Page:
The Metro North to the City Line in the Bronx? On weekends, it’s $3 (intra-Bronx travel only) or $4 (from Manhattan). On weekdays, it’s anywhere from $3 to $8.25 depending on where you board and the time of day. No transfer privileges and penalties apply if you don’t pre-pay your fare.

    • Nathanael says:

      “the subway can be zone 1, and the commuter railroads can be concentric zones spreading out from there.”

      That would be OK. It would eliminate the weirdness of high “commuter railroads” fares on lines in the city.

  10. Ari says:

    Logistics and politics aside, I like the idea of zoned fares. When practical, people should pay the true costs of products/services. Progressive policies should be left to income taxes, etc.

    • Bolwerk says:

      Most bad policy ideas aren’t so bad until you throw in logistics and politics. :-\

      I don’t see the appeal though. Some kind of distance-based fare makes sense over long distances, sure, mainly because the logistics are different. For a subway ride, the point is moving crowds of people over relatively short distances (in the vast majority of cases, probably less than a mile) in a short, efficient manner. This can be done more easily without zones.

      Meanwhile, there isn’t really a downside to not having zones. Letting people who live further away ride for the same price doesn’t have the negative externalities – economic or environmental – of paying them to drive, which is what we usually do. At most, it imposes a physical constraint on people closer in – who arguably need the service less anyway.

      • Nathanael says:

        Overcrowding on the Lexington Avenue line from people boarding in the Bronx, creating inferior service for those trying to board in Manhattan.

        I rest my case. There is a downside to not having zones.

        • AG says:

          “Overcrowding on the Lexington Avenue line from people boarding in the Bronx, creating inferior service for those trying to board in Manhattan.”

          wow – what a statement… one of the most arrogant I’ve read on here.
          so the ppl of the Bronx are “inferior” to those in Manhattan??? how about the ppl in Manhattan walk and not crowd out the ppl from the Bronx?

          • BenW says:

            Seriously? You’re getting from “inferior service because of crowding” to “service dragged down by inferior people?” That’s not a small jump. And on the subject of arrogance… I used to commute from W 134th to midtown east, and subsequently from 134th to Brooklyn, on various combinations of the 1 and the west side IND lines (thankfully, less crowded than the 4/5)—I am young and healthy and perfectly able to stand up for the first half of my ride, but telling me that I should walk 4.5 miles to work isn’t exactly on, and I don’t see why people in East Harlem would feel any differently about that.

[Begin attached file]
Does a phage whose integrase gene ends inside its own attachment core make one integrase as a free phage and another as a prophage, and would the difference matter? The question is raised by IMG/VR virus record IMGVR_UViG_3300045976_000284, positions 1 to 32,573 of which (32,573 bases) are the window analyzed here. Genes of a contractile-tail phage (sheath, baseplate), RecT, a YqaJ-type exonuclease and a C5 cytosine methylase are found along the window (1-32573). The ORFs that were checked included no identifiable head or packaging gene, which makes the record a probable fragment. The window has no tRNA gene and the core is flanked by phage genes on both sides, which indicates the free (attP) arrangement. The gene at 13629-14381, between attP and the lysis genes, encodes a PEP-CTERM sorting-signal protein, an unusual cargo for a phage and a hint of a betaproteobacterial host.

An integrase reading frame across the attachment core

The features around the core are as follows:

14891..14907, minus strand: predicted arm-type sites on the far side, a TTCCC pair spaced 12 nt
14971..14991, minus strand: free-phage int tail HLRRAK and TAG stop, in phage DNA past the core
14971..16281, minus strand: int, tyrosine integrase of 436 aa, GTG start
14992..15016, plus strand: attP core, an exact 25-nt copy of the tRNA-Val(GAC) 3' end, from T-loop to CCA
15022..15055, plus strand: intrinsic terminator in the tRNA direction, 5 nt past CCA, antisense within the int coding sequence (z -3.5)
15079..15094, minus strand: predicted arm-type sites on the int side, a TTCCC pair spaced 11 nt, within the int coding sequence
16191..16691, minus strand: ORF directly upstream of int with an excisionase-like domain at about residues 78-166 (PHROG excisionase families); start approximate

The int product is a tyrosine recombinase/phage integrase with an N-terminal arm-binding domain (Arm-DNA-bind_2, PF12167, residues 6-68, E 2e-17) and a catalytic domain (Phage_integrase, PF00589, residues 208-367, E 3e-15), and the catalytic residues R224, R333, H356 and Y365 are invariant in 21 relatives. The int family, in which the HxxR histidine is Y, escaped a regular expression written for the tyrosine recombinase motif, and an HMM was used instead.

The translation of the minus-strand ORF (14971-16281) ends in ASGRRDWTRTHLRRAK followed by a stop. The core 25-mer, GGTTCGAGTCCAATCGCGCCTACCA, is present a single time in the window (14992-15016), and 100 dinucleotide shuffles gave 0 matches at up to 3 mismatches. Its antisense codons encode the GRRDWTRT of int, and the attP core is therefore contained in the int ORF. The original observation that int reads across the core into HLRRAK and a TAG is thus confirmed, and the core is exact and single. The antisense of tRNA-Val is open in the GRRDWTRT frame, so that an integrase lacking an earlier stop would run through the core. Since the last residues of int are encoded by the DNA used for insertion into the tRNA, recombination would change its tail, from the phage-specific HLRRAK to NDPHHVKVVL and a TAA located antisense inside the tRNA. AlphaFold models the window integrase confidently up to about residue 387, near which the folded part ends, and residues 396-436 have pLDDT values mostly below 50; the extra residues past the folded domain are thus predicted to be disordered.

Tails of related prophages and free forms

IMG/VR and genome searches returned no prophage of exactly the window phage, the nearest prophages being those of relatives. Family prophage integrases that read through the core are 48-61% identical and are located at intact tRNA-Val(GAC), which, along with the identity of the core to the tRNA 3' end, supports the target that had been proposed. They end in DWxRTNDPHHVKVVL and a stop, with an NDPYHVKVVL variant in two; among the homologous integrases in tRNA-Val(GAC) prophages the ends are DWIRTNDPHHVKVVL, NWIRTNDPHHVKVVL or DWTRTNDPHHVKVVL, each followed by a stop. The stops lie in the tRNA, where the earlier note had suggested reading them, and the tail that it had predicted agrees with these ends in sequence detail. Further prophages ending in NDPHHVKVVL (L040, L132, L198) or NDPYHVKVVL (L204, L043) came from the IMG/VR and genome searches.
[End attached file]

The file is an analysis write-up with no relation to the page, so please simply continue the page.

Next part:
• AG says:

              yes – because that is exactly how it sounded…
              guess what happens to Bronx riders in the evening going home? Most have to stand up through Manhattan. That’s life.
              Next you’ll tell me that it’s not fair ppl in southern wWstchester don’t get comfy seats because of all the ppl from Connecticut on the Metro North New Haven line… Or does that not matter since they are not Manhattan-ites?

              • Bolwerk says:

                I can’t see how you can stretch the comment to imply anything about the nature of the people period. He adjective “inferior” was followed by the noun “service,” not “people.” All Nathanael was saying was, if the crowds from The Bronx weren’t there, Manhattan riders would have a better ride. That’s true, though it is more an argument for building more capacity to The Bronx than for zones.

        • Bolwerk says:

          Inferior -> having to stand.

          OK, guess that’s a downside, but it’s not a very important one until there is literally no room to board in Manhattan.

    • addicted says:

      “True Cost” – Biggest bit of BS that has been perpetuated.

      #1) There is probably no such thing. Anyways, there is no way to determine such a thing.
      #2) What about benefits? Pricing based simply on “true cost” completely ignores benefits. The people who are taking the subway are not taking a car into the city. How (and will?) you pass the benefits of removing a marginal car from trying to enter and leave Manhattan during rush hour who is taking the subway in instead? Or do you want Sandy style, “Only cars with >3 passengers are allowed over bridges” restrictions to be imposed?
      #3) Massive, massive external benefits of the subway. Who is benefiting from those? Not just subway riders. Everyone. Forget the environmental benefits. This city cannot run without the subway. I mean, I find it amazing that after Sandy we are discussing increasing MTA fares, instead of having car riders pay toll for the bridges they use into the city.
      #4) Why aren’t we talking about “true costs” of cars? Again, ignoring all the geopolitical and environmental costs of driving cars, how about the fact that we are giving cars basically free leases to some of the most expensive real estate in the world through Free PArking on streets? And what about the bridges and roads that they use?

    • addicted says:

      @Ari – Apologies for the rant. I know you meant well, but you just happened to trigger one of my biggest pet peeves :-)

  11. J_12 says:

    A rider traveling on the A train from Far Rockaway to midtown doesn’t cost the system more than one getting on at 14th street, at least not in any meaningful sense.
    Peak time riders are what cost more.
    If anything, a time-based system of peak and off-peak fares makes the most sense.
    This would also be easy to implement and understand, even for tourists.